Wildlife Report. For the month of February, Two Thousand and Fifteen. Samaki 33 mm Risiriba 152 mm Singita Grumeti Sasakwa & Faru Faru Lodges Serengeti House & Sabora Tented Camp Explore Mobile Tented Camp Tanzania (Photo by Adas Anthony) Wildlife Report For the month of February, Two Thousand and Fifteen

More information

MABULA GUIDES NEWS FOR JULY 2016

MABULA GUIDES NEWS FOR JULY 2016 MABULA GUIDES NEWS FOR JULY 2016 Compiled by: Isaiah Banda Head Guide Picture taken by Mr Jaishanker on Mabula Game Reserve As a guide, it s pretty important to get an idea as to what it is exactly that

More information

By Kip Adams, Deer Project Leader, New Hampshire Fish and Game Department and Darrell Covell, UNH Wildlife Extension Specialist

By Kip Adams, Deer Project Leader, New Hampshire Fish and Game Department and Darrell Covell, UNH Wildlife Extension Specialist CHARLES H. WILLEY PHOTO By Kip Adams, Deer Project Leader, New Hampshire Fish and Game Department and Darrell Covell, UNH Wildlife Extension Specialist November/December 2001 WILDLIFE JOURNAL FEEDING DEER

More information

Proposal for cooperation between GRASP and the CMS Gorilla Agreement

Proposal for cooperation between GRASP and the CMS Gorilla Agreement Proposal for cooperation between GRASP and the CMS Gorilla Agreement Background Great Apes Survival Partnership The Great Apes Survival Partnership (GRASP) was founded in 2001 at the World Summit on Sustainable

More information

Position of WWF Mongolia Program Office on current situation of Argali hunting and conservation in Mongolia

Position of WWF Mongolia Program Office on current situation of Argali hunting and conservation in Mongolia Position of WWF Mongolia Program Office on current situation of Argali hunting and conservation in Mongolia Since wildlife is a part of state property in Mongolia, only the relevant authorized governmental

More information

Wild About Elephants Day

Wild About Elephants Day Wild About Elephants Day The Maryland Zoo is celebrating how wild we are about elephants on Saturday, August 19 th. We need your help, Interpreters! The interpretation team will participate in this awareness

More information

Unit #1: Art of the Paleolithic

Unit #1: Art of the Paleolithic Announcements: Unit #1: Art of the Paleolithic Hand in initial questionnaire assignment folders handed out Buy your art materials for next Thurs. Unit 1 activities and terms are posted Hunter/Gatherer

More information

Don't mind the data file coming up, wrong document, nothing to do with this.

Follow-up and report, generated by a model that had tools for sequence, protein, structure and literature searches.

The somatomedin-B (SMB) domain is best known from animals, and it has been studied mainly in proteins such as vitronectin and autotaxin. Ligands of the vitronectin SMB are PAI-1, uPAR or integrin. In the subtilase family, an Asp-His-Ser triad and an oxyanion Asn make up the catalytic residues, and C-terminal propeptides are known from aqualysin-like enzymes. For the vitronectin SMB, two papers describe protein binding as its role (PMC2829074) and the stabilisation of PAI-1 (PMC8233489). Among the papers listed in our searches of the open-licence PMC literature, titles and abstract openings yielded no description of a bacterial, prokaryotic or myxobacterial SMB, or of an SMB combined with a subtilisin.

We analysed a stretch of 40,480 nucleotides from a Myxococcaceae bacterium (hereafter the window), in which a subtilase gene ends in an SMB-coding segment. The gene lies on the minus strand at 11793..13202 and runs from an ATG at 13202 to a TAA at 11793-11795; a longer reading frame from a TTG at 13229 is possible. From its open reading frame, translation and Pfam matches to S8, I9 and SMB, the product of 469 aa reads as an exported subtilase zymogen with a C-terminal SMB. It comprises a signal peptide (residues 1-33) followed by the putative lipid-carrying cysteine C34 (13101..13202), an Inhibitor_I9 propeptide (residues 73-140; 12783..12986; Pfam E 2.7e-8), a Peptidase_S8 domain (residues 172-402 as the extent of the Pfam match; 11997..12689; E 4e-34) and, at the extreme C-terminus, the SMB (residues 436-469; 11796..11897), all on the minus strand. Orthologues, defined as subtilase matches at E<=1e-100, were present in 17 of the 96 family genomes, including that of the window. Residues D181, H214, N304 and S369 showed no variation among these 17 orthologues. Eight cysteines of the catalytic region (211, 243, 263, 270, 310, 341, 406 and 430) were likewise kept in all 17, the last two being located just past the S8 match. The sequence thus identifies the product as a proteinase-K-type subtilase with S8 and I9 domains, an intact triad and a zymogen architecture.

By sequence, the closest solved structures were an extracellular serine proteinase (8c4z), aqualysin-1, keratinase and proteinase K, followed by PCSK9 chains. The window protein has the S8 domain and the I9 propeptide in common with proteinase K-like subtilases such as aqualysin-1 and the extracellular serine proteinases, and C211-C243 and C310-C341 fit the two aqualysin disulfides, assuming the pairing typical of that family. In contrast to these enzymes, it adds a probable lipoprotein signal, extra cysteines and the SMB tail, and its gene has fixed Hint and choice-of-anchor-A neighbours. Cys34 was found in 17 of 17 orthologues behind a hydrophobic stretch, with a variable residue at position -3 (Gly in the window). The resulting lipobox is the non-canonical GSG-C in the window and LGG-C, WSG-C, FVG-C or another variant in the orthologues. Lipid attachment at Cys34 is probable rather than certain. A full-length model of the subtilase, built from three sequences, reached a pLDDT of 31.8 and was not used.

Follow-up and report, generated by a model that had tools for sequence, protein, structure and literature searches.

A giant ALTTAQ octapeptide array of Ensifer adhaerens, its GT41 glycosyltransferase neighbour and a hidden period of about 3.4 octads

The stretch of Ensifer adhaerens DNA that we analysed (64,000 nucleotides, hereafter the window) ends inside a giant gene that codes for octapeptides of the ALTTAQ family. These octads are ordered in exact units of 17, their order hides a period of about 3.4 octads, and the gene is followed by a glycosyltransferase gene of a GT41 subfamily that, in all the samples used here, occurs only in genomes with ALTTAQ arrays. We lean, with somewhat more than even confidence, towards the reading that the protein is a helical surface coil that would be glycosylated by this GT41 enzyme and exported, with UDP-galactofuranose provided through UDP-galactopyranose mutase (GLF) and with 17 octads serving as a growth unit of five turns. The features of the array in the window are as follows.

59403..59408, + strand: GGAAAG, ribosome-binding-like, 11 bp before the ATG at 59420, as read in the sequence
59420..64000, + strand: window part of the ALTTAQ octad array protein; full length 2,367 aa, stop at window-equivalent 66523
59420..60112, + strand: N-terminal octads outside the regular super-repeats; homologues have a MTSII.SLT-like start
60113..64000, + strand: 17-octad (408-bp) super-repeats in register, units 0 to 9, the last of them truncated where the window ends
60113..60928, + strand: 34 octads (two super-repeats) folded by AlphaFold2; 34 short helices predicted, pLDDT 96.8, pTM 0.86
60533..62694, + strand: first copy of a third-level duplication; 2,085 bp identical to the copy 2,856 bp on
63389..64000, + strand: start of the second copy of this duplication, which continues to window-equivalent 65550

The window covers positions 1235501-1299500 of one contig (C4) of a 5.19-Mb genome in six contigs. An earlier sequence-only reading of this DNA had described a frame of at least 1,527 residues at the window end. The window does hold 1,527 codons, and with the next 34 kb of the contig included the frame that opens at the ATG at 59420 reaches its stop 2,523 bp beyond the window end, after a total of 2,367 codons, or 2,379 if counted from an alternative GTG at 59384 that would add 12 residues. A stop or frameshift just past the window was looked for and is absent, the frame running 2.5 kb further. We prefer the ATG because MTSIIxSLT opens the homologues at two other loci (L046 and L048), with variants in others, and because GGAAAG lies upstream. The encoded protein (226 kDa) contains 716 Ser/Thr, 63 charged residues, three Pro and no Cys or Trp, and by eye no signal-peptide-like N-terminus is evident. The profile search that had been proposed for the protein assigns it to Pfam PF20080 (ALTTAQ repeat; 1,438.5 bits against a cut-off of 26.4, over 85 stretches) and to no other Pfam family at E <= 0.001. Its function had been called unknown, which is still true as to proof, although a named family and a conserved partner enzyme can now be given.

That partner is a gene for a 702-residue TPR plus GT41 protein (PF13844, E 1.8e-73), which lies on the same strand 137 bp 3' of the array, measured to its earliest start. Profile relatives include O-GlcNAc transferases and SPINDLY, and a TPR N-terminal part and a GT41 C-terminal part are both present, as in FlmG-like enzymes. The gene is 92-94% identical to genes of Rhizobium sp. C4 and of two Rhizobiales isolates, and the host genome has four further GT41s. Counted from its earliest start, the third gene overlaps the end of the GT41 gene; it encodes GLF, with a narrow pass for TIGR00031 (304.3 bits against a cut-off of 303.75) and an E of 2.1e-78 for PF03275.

Prior Knowledge: Students should have an understanding that plants and animals compete for resources such as food, space, water, air and shelter.

Prior Knowledge: Students should have an understanding that plants and animals compete for resources such as food, space, water, air and shelter. Science Lesson Plan Form Teacher: 4 th Grade Lesson: Predator/Prey SPI: 2.1 Science Goal: Recognize the impact of predation and competition on an ecosystem. What is the big idea of this standard? All life

More information

ANIMALS AROUND THE WORLD. Scavenger Hunt GRADES K-3

ANIMALS AROUND THE WORLD. Scavenger Hunt GRADES K-3 ANIMALS AROUND THE WORLD Scavenger Hunt GRADES K-3 Scavenger Hunt Animals Around the World (K-3) Teacher s Guide Updated Summer 2011 APPROXIMATE TIME: 60-90 Minutes Suggestions for Teachers: 1. Allow 60-90

More information

RANCHING Wildlife. Texas White-Tailed Deer 2017 Hunting Forecast

RANCHING Wildlife. Texas White-Tailed Deer 2017 Hunting Forecast RANCHING Wildlife Texas White-Tailed Deer 2017 Hunting Forecast During most summers, I take a short break and head to Colorado, Wyoming, or somewhere out west to enjoy a respite from the hot South Texas

More information

Search for the missing sea otters

Search for the missing sea otters Search for the missing sea otters Objectives: Based on a real study of sea otter declines Apply your knowledge of basic concepts of population and community ecology Interpret data from graphs and tables

More information

Climate Change and the Inuit

Climate Change and the Inuit Reading Practice Climate Change and the Inuit The threat posed by climate change in the Arctic and the problems faced by Canada's Inuit people A Unusual incidents are being reported across the Arctic.

More information

Endangered Species on Ranches. Nebraska Grazing Conference August 14 15, 2012

Endangered Species on Ranches. Nebraska Grazing Conference August 14 15, 2012 Endangered Species on Ranches Nebraska Grazing Conference August 14 15, 2012 Nature There is a delight in the hard life of the open. There are no words that can tell the hidden spirit of the wilderness

More information

Corbett, Jim. Man-Eaters of Kumaon. Oxford University Press. 1993: Introduction and Chapter 1

Corbett, Jim. Man-Eaters of Kumaon. Oxford University Press. 1993: Introduction and Chapter 1 Things To Think About: Hunting Corbett, Jim. Man-Eaters of Kumaon. Oxford University Press. 1993: Introduction and Chapter 1 A few definitions: chokidar watchman durbar public audience or levee ghooral

More information

Population Ecology Yellowstone Elk by C. John Graves

Population Ecology Yellowstone Elk by C. John Graves Population Ecology Yellowstone Elk by C. John Graves Group Names: Hour Date: Date Assignment is due: end of class Score: + - Day of Week Date Rocky Mountain elk (Cervus elaphus) living in Yellowstone National

More information

ROCKWALL CENTRAL APPRAISAL DISTRICT

ROCKWALL CENTRAL APPRAISAL DISTRICT ROCKWALL CENTRAL APPRAISAL DISTRICT WILDLIFE MANAGEMENT SPECIAL VALUATION GUIDELINES A SUPPLEMENT TO THE STATE OF TEXAS GUIDELINES FOR QUALIFICATION OF AG LAND IN WILDLIFE MANAGEMENT USE These guidelines

More information

Primate Evolution. Section 1. Primates